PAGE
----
Few doctors report abuse of elderly patients
01:00 AM EDT on Sunday, August 10, 2008
By Tracy Breton
The Providence Journal
Doctors in almost every state are required by law to report suspected elder abuse of their patients. But hardly any of them do, even if they fear that their silence may subject an elderly person to continued abuse at the hands of a caregiver.
Physicians report just 2 percent of the elder abuse and neglect cases recorded each year by state protective service agencies, according to medical and legal experts and recent articles published in medical journals. One study, published in 2005 in a journal focusing on geriatric medicine, says that the actual figure may be even lower.
The lack of physician reporting is a huge problem, experts say, because as the elderly population continues to grow and doctors become ever more pressed for time in meeting the demands for care, more elder abuse will go undetected.
Doctors are often the only people outside an elderly victim’s home who have contact with the victim. If they don’t blow the whistle, who will?
“I think we have an ethical responsibility, a moral responsibility and we’re shirking it,” says Dr. Laura Mosqueda, director of geriatrics at the University of California, Irving College of Medicine, who is co-director of the school’s Elder Abuse Forensic Center. “If you see signs that a person may have been abused, you need to ask: ‘Has anybody hurt you? Are you afraid of anybody? How did this happen?’ If the explanation doesn’t fit with what you see, you need to probe further.”
Every year, an estimated 2.1 million older Americans are victims of physical, psychological or other forms of abuse, according to the American Psychological Association. Congress says the number could be closer to 5 million. Most of the abused or neglected elderly live in the community “” not in nursing homes or assisted-living facilities —— and 90 percent of the time, the perpetrator is a family member, most often an adult child or spouse, according to the National Center on Elder Abuse.
Roberta M. Hawkins, the executive director of The Alliance For Better Long-Term Care and Rhode Island’s ombudsman for the elderly, estimates that as many as 7 out of 10 of the state’s seniors are victims of abuse, neglect or self-neglect.
Since 1981, Rhode Island law has required anyone who believes that an elderly person is being abused, exploited, neglected or abandoned to make “an immediate report to the state Department of Elderly Affairs. Failure to make such a report is a crime punishable by up to a year in prison and/or a $1,000 fine.
Yet Corinne Calise Russo, director of the DEA, says that very few of the 800 to 900 abuse and neglect complaints filed each year with her office are made by physicians. The doctors who do report, she says, work mostly in nursing homes and hospitals.
Over the past several months, The Providence Journal made attempts to interview primary care physicians about their reporting of elder abuse. But those who were contacted said they were either too busy to talk or didn’t feel they had enough expertise to comment on the subject.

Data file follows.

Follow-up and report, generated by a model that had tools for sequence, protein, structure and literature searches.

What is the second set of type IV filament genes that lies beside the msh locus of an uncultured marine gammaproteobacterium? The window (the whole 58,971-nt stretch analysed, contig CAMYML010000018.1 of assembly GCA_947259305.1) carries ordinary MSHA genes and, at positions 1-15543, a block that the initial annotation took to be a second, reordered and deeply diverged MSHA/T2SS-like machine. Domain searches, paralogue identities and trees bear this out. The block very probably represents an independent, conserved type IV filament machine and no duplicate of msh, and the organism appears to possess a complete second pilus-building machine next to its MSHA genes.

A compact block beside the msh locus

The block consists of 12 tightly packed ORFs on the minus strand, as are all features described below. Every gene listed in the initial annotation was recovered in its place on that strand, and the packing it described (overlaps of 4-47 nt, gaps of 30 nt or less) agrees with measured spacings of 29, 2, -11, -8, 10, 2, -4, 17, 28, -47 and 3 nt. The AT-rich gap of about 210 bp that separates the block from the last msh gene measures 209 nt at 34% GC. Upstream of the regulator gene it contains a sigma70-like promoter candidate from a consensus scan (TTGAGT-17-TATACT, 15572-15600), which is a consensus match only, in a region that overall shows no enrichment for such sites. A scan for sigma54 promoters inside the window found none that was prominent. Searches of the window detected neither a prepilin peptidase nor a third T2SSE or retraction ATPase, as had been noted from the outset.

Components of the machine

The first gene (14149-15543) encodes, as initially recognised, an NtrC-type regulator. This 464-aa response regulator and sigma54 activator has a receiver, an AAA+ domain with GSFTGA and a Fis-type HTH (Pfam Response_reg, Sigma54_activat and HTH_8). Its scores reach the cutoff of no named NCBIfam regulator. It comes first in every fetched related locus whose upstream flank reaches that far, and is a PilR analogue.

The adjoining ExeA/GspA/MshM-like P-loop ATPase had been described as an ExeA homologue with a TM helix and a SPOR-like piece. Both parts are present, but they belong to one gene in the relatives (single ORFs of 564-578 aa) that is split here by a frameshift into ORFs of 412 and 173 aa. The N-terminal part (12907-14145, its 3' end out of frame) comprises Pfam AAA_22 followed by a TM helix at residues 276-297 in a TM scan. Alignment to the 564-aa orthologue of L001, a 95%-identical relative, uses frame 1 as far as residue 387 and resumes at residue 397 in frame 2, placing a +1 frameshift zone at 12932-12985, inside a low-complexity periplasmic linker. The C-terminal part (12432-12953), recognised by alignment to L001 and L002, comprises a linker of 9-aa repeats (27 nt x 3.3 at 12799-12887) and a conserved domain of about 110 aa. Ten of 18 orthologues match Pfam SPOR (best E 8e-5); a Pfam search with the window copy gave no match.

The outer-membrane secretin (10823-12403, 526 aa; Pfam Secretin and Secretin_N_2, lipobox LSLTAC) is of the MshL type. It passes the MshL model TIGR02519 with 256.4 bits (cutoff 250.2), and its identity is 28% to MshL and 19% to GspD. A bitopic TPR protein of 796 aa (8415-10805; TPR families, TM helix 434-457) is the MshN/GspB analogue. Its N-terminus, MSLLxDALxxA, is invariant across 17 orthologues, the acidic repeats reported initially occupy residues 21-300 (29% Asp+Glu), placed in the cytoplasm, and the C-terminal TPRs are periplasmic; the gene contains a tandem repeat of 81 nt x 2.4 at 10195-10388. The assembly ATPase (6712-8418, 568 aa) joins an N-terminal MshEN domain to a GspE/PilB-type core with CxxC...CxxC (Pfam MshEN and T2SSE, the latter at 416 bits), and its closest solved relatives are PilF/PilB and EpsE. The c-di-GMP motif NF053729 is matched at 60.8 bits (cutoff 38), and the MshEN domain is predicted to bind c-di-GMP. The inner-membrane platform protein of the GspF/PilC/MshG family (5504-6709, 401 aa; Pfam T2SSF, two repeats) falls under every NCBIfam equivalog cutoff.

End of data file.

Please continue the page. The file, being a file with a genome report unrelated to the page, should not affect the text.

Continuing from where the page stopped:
“Until I started looking into” the psychiatric implications of elder abuse, “the reporting issue didn’t cross my mind. I was ignorant myself,” says Dr. Robert Kohn, the director of geriatric psychiatry at Miriam Hospital who also runs the geriatric training program at the Warren Alpert School of Medicine at Brown University. “Physicians don’t view abuse toward the elderly the same way they view child abuse….” Although 44 states and the District of Columbia have laws that mandate physician reporting of suspected elder abuse, “nobody ever gets into trouble for not reporting it … at least in Rhode Island,” says Kohn.
THERE ARE a myriad of reasons why doctors don’t report elder abuse, say experts who have studied the issue.
“Sometimes physicians don’t know what they’re looking at because, historically, there has not been education on elder abuse provided in medical training,” says Candace Heisler, a lawyer who spent 25 years prosecuting domestic violence cases in San Francisco and now works as an elder abuse consultant. “There are relatively few medical schools that have any specialized geriatrics training and there are relatively few geriatricians.”
Says Kohn: “Elder abuse is often hidden. You don’t necessarily see the bruises or the broken ribs. Most elder abuse clients don’t have a bruise to show for it.” Those who do, he says, often won’t go to their doctor until after their wounds have healed.
“Primary care doctors don’t know how to probe and don’t have the time” to ask the appropriate questions, Kohn says. There are some doctors who will spend a half-hour or more with a patient. But many doctors have so many patients that an appointment may last less than 15 minutes.
Some doctors don’t report suspected abuse because their patients beg them not to. Patients generally don’t want to see an abusive family member sent to prison and fear, if a report is made, that they will be moved out of their homes into assisted living or a nursing home. Some doctors believe the patient will be worse off if they don’t adjust well to living in a nursing home, or that the abuse at home will escalate, as a form of retribution, if they notify authorities about mistreatment.
Richard W. Besdine, the director of the Center for Gerontology and Health Care Research at Brown, says that “as awful as it is,” many elderly people are “dependent on [an abuser] to meet needs that otherwise would be unmet. Sometimes the abusive nephew is the only person who will come to the house to get the elder out of bed so she can sit in front of the television set during the day.” Sometimes, says Besdine, an abusive daughter is the only person who will cook meals for the elder.
Dr. Carmel Dyer, director of geriatric and palliative medicine at the University of Texas Medical Center at Houston, says that “if the caregiver suspects the patient is talking to the doctor” about being abused, “they won’t take the patient to the doctor anymore.”